THE FENTANYL FIX
Trina Saby blames drug addiction for cutting her son's life short and believes the physicians that treated him share some of the blame.
"He wasn't on the street corner buying something. He was at the hospital or doctor's office getting these prescriptions," said Saby.
Her son, Kenneth Lee Pears, was 27 years old when he overdosed on prescription morphine.
Saby filed a complaint to the College of Physicians and Surgeons of B.C. alleging that the physicians treating her son over prescribed narcotics, despite knowledge of his addiction and mental health issues.
CBC News obtained a copy of the letter reviewing Pears' care. It admits mistakes were made by some of the doctors that treated Pears.
Pears had visited at least seven different doctors, a term known as 'doctor shopping' — the practice of visiting multiple doctors to obtain multiple prescriptions.
The committee was highly critical of one of the physicians who prescribed Pears narcotics, noting it couldn't find any notes on the rationale for the prescription.
It also said Pears' frequent requests for two-month supplies of high-dosage narcotics should have raised red flags.
"Mr. Pears was given prescriptions for high-dose narcotics that heavily outweighed his problem. There was no evidence that [the physician] reviewed risks of suicide, addiction or diversion with Mr. Pears," the document stated.
Saby wants her son's case to be a warning to parents, patients and physicians in the province on just how dangerous prescription opioids can be.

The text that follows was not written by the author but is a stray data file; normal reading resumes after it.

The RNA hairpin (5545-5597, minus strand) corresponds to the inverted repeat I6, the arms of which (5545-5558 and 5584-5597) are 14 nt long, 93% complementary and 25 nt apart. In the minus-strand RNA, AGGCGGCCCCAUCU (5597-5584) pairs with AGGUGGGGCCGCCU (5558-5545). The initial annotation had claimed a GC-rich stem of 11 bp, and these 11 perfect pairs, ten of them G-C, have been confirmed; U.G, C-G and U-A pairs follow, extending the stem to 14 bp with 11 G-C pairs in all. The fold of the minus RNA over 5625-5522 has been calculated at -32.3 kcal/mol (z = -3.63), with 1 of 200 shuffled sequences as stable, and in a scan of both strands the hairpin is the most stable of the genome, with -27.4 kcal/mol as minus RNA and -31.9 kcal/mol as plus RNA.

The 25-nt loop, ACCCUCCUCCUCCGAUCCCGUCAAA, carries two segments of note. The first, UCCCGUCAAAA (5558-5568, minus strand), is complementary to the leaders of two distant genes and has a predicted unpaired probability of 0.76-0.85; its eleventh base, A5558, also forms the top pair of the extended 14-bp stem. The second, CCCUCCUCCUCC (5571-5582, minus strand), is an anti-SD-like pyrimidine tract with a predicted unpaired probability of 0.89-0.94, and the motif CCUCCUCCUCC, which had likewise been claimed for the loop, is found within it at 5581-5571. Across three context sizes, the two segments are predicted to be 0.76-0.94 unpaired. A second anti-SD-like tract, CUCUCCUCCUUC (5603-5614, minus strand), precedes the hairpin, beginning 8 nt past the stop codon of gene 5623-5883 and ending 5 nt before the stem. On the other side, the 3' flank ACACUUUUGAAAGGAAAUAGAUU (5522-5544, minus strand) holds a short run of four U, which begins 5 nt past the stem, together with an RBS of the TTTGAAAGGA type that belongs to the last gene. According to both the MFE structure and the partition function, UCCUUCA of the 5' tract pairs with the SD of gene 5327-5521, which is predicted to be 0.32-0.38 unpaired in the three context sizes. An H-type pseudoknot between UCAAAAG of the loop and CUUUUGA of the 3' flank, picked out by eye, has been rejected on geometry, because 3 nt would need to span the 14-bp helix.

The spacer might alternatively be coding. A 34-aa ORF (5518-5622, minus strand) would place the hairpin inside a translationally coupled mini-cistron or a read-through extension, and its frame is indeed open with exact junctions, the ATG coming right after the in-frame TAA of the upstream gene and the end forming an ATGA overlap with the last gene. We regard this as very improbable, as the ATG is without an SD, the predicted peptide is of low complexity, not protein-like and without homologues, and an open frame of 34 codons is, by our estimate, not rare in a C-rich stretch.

"It was just so easy to get these prescriptions and they were free and I think he had a sense of security with them, because they are prescribed by the doctor," she said.
"Had that [prescriptions] not been so readily available, his story might have been a little different," said Saby.
The B.C. College of Physicians and Surgeons admits physicians have contributed to the opioid crisis with over-prescribing, and in 2016, it issued new standards and guidelines for safer prescribing.
According to Alan Cassels, a pharmaceutical policy researcher, B.C. dispenses more than double the amount of opioids compared to the lowest opioid dispensing province, Quebec.
"The fact they are prescribing hundreds of pills to someone with lower back pain or for wisdom tooth extraction, that to me is a sign of a way too liberal an approach to prescribing these drugs," said Cassels.
Cassels along with other experts are calling for more training on pain management for physicians.
Addiction medicine specialist and family physician, Dr. Alexander Caudarella, worries that without proper pain management training, some physicians may cut off opioid dependent patients and that could have deadly and unintended consequences.
"Leads them directly to heroin or fentanyl on the street, increasing their chances of an overdose even further," said Caudarella.
Caudarella also worries some physicians may dismiss opioid-dependant patients from their practice if the physician feels incompetent in safely treating the patient. He worries that will lead addicts not only to street drugs but to 'doctor shopping'.
Cassels said in order to avoid that, all physicians need to religiously use the province's PharmaNet service, the province wide system used to check the drug history of patients, which is currently not mandatory for all physicians.
Only doctors in methadone clinics, walk-in and urgent care settings are required to have access to PharmaNet, though the Ministry of Health and the college say they are working to make it mandatory — although no date has been given.
With files from Natalie Clancy.